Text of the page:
Straight-up refusal to comply is the same approach I’ve taken when asked to sign off on my kids’ work while my advocacy efforts were ongoing. I thought my signature would imply my child couldn’t be trusted, and I knew it would put us on course for the type of shared academic responsibility, and ultimately dependence, decried in How to Raise an Adult , a book by former Stanford University Dean of Freshmen Julie Lythcott-Haims. So every year, I emailed my kids’ teachers, explaining my reasoning and offering alternatives, like having my children put their own initials in that spot. Some teachers weren't pleased, and I have to admit my kids initially felt mortified, but I held firm and everyone wound up happy with the arrangement.

Critical, independent thinking is also what Kang Su Gatlin, a Seattle, Washington dad, is after. He gives his son the option to do school-assigned homework or exercises chosen by his parents. When the fifth-grader picks the school’s problems, he’s allowed to skip the ones drilling concepts he’s already mastered. “At least in the jobs I’ve had,” says Gatlin, who currently works for Microsoft, “it’s not just how you do your job, but also knowing what work isn't worth doing.”

Some worry that going this route will upset their child's teacher, and it's possible. But when Long was asked what she’d do if a parent presented her with research-backed arguments that disagree with her homework philosophy, she replied, “I would read it, and it would probably change my opinion. And I would also be flexible with the individual family.”

For the Rallier Parent: Gather Reinforcements and Tell Your PTA Why Students Should Have No Homework

Many parents don’t stop with their own child. When the first edition of Vatterott’s book Rethinking Homework was published in 2009, she says, it was a relatively fringe thing, but now, “We’re talking about a real movement.”

Shumaker, the Michigan author and one of the most prominent figures in the movement, knows initiating this kind of conversation with a teacher can be terrifying, so she recommends having company: “Maybe you want to bring in another parent in the class who feels similarly or who is even just willing to sit next to you,” she says. Or broach the subject in a group setting. Shumaker tells a story that reminds me of every back-to-school night I’ve ever attended: “One of the parents raised a hand and said, ‘My child is having such a hard time with math. She spends hours on it every night, and she can’t get through all the problems.’ There was this huge sigh of relief from all the other parents in the room, because they’d had the same problem.”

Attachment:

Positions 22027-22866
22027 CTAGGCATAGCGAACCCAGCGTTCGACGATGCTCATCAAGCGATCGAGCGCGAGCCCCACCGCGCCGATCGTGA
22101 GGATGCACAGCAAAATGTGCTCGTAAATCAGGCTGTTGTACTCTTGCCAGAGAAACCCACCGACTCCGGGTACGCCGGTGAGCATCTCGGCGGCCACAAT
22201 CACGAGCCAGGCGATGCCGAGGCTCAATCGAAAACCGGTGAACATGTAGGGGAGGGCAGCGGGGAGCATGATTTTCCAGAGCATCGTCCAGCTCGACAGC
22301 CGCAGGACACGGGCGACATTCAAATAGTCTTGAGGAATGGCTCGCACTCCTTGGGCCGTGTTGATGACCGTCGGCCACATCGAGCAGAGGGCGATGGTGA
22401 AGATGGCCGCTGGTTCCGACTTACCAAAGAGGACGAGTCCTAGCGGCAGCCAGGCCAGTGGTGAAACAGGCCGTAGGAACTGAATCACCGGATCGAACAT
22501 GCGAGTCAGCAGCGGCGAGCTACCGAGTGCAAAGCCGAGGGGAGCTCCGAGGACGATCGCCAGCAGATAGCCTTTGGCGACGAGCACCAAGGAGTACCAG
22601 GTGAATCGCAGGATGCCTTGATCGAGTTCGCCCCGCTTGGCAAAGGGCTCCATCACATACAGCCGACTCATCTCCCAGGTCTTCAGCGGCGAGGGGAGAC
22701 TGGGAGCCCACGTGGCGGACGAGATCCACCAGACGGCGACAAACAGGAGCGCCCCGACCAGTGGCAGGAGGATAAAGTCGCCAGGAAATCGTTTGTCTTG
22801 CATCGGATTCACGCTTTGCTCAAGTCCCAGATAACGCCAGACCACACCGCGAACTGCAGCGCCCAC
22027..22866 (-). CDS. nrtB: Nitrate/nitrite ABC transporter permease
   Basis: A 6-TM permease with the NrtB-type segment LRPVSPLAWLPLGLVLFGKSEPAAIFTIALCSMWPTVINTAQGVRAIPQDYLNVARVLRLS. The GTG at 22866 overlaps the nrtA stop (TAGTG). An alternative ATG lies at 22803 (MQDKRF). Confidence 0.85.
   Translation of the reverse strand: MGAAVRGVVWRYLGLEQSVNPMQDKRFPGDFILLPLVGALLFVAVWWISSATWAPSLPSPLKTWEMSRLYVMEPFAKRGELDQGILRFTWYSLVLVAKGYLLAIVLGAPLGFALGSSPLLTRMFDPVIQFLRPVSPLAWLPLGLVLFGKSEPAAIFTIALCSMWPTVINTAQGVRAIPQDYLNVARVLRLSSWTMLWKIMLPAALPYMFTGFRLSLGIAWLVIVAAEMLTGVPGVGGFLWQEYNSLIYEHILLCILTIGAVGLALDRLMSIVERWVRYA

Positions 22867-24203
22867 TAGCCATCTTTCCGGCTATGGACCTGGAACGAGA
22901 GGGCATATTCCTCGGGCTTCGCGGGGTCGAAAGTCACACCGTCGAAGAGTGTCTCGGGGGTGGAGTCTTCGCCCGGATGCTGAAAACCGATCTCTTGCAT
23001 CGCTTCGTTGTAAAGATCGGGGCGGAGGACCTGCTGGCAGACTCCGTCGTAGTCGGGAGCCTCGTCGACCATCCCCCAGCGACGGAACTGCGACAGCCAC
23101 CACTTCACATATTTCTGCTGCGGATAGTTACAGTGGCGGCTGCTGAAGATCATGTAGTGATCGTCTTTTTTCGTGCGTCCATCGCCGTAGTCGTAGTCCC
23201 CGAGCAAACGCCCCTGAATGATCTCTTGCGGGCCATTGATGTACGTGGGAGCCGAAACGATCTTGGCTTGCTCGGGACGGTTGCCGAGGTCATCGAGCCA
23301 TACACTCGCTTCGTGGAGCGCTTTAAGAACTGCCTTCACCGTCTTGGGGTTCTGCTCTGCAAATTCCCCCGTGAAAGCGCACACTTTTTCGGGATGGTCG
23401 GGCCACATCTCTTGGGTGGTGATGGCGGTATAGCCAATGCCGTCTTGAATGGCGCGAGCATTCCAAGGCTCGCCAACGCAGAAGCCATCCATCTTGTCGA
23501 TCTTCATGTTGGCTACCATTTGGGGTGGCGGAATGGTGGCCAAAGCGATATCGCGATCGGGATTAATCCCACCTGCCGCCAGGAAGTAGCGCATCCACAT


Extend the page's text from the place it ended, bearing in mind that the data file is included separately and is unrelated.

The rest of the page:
So, talk to other parents. Bring the issue to the PTA. For petitions, surveys, and templates you can use when writing to a teacher, reaching out to other parents, and commenting at PTA and school board meetings, see The Case Against Homework by Sara Bennett and Nancy Kalish. It’s packed with step-by-step advocacy advice, including ideas for a variety of non-traditional homework policies (e.g., “No-Homework Wednesdays”).

For the Conflict-Avoidant Parent: Sometimes It Just Takes One Homework Question

If all this sounds like a bit much, Vatterott recommends an approach based on inquiry and information-sharing.

Begin by asking whether there's a fixed policy, either in the classroom or at the school. “You can’t believe how many schools have a policy that the teachers don't follow,” Vatterott notes. Often it’s one based on guidelines endorsed by the National Education Association: about 10 minutes per night in the first grade, and 10 more minutes added on for each successive grade (e.g., 20 minutes for second grade, 50 for fifth). “Sometimes all that’s needed is to say, ‘Can we make the homework requirement weekly rather than daily?’” she says.

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Experts also recommend starting with what psychologists call “I statements,” because teachers aren’t mind-readers. Put a note on each assignment saying, “My child spent 40 minutes on this.” Since research shows teachers often underestimate the amount of time homework takes by about 50% , Vatterott reports, passing along this info can be enough to make assignments less onerous. Other simple statements of fact include: